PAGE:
Stars in the 1970s that continued to be popular or rose in star power included Paul Newman, Clint Eastwood, Steve McQueen, John Wayne, Elliott Gould (due to his appearance in M*A*S*H (1970)), Dustin Hoffman, Lee Marvin, Jack Lemmon, Barbra Streisand, Walter Matthau, George C. Scott, Ali MacGraw, Sean Connery, Gene Hackman, Marlon Brando, Goldie Hawn, Ryan O'Neal, Burt Reynolds, Robert Redford, Charles Bronson, Jack Nicholson, Al Pacino, Woody Allen, Mel Brooks, Tatum O'Neal, Sylvester Stallone, Diane Keaton, Robert DeNiro, John Travolta, Richard Dreyfuss, Warren Beatty, Jane Fonda, Peter Sellers, Roger Moore, and Jill Clayburgh.
An Unusual Decade:
This was a most interesting decade, beginning with the sappy saccharine romance of the much-talked about Love Story (1970), directed by Arthur Hiller - a phenomenally successful film at the box office, but universally panned by critics for its manipulative, melodramatic appeal ("Love means never having to say you're sorry") between the two stars Ryan O'Neal and Ali MacGraw. This was also the decade in which the world's first eight-plex theatres began to open - as in Atlanta in 1974, and the decade in which rock 'n roll icon Elvis Presley died -- August 16, 1977.
And the decade was filled with such surprise winners and oddities, such as:
Future star (and California governor) Arnold Schwarzenegger made his screen debut in a minor film in 1970 and later starred in Pumping Iron (1977), a documentary about professional body-building in preparation for the Mr. Universe contest.
Film Critics on Television:
Chicago Sun-Times reviewer Roger Ebert and Chicago Tribune critic Gene Siskel began to co-host and present their quarrelsome film reviews on public television (Chicago's local PBS station WTTW) in 1978, with a series called Sneak Previews. The hugely successful show, with "Thumbs Up" and "Thumbs Down" trademarked ratings, was immediately syndicated nationwide. It soon became the highest-rated series in the history of public broadcasting.
New Independent Studios:
In 1978, five disgruntled United Artists executives left the studio over a disagreement about lack of control, and formed Orion Pictures. (The group of executives are represented by the five stars depicted in the constellation of Orion - the new corporation's logo.) At the end of the decade in 1979, brothers Harvey and Bob Weinstein, first finding success as rock concert promoters in the early 70s while students at the Univ. of Buffalo, became film distributors and formed the independent studio Miramax (derived from the combination of their parents' names: Miriam and Max), after purchasing and renovating a run-down, second-run movie theater in Buffalo, N.Y., and turning it into a profitable college art house. The brothers launched Miramax in 1979 with its headquarters in Tribeca.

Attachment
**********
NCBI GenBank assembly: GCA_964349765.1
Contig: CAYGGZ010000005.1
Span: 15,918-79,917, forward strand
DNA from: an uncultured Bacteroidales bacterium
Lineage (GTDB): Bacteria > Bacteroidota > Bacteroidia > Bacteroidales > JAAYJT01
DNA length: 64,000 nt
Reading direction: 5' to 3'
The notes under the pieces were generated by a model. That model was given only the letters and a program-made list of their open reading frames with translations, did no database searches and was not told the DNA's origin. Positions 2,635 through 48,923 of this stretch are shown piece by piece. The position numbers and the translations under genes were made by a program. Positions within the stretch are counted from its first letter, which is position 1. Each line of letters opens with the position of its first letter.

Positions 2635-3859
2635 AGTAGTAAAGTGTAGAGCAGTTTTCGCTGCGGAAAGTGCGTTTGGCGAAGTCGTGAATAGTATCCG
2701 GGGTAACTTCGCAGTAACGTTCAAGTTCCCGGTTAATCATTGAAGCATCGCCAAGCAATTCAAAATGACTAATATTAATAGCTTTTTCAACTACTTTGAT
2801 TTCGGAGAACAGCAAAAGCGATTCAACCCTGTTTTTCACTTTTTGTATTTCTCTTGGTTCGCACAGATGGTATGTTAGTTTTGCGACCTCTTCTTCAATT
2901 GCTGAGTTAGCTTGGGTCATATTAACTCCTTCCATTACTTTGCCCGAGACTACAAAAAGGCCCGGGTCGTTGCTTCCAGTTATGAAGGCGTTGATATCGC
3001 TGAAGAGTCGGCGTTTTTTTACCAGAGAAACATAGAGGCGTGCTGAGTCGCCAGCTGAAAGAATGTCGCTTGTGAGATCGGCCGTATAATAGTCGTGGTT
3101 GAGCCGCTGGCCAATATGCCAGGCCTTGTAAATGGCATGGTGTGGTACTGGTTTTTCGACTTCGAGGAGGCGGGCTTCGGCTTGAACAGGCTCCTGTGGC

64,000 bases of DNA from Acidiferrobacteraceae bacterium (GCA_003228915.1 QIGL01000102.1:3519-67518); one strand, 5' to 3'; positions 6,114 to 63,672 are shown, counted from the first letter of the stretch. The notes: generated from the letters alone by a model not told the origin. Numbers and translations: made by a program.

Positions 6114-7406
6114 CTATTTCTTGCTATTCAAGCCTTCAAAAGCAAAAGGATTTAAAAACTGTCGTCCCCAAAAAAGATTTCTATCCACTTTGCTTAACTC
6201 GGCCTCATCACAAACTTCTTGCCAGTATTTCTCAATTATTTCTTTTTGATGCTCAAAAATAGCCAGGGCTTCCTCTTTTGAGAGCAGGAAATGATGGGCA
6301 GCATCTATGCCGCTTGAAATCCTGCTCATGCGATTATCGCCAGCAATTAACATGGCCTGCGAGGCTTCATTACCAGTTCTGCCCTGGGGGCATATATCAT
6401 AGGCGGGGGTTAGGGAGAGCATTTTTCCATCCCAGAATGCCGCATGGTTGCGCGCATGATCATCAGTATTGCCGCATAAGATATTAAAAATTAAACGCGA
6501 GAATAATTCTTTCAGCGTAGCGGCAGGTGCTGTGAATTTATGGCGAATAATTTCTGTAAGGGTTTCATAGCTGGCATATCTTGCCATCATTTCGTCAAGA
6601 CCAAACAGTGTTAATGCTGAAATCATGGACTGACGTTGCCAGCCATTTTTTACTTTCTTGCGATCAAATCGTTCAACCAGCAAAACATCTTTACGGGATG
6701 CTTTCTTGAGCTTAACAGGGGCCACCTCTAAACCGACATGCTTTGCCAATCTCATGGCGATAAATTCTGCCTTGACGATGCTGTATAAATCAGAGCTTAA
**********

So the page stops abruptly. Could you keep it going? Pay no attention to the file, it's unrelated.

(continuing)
The first hit film distributed by the newly-launched studio was the British comedy The Secret Policeman's Other Ball (1982) directed by John Cleese. Bought at the 1979 Cannes Film Festival, it was a collection of footage from benefit rock concerts in London (with comedy provided by the Monty Python Flying Circus troupe) to support the human rights organization Amnesty International. The film, including Rowan "Mr. Bean" Atkinsons hilarious headmaster skit, Billy Connelly singing country music, and Pete Townshend's acoustic versions of "Pinball Wizard" and "Won't Get Fooled Again," grossed $6 million.
[Note: Since 1993, Miramax (and Dimension, one of its subsidiaries to produce and distribute innovative genre films, that was headed by Bob Weinstein) had become a part of the Walt Disney Company. And Orion was sold to MGM in 1997.]
Part 1, Part 2, Part 3, Part 4, Part 5, Part 6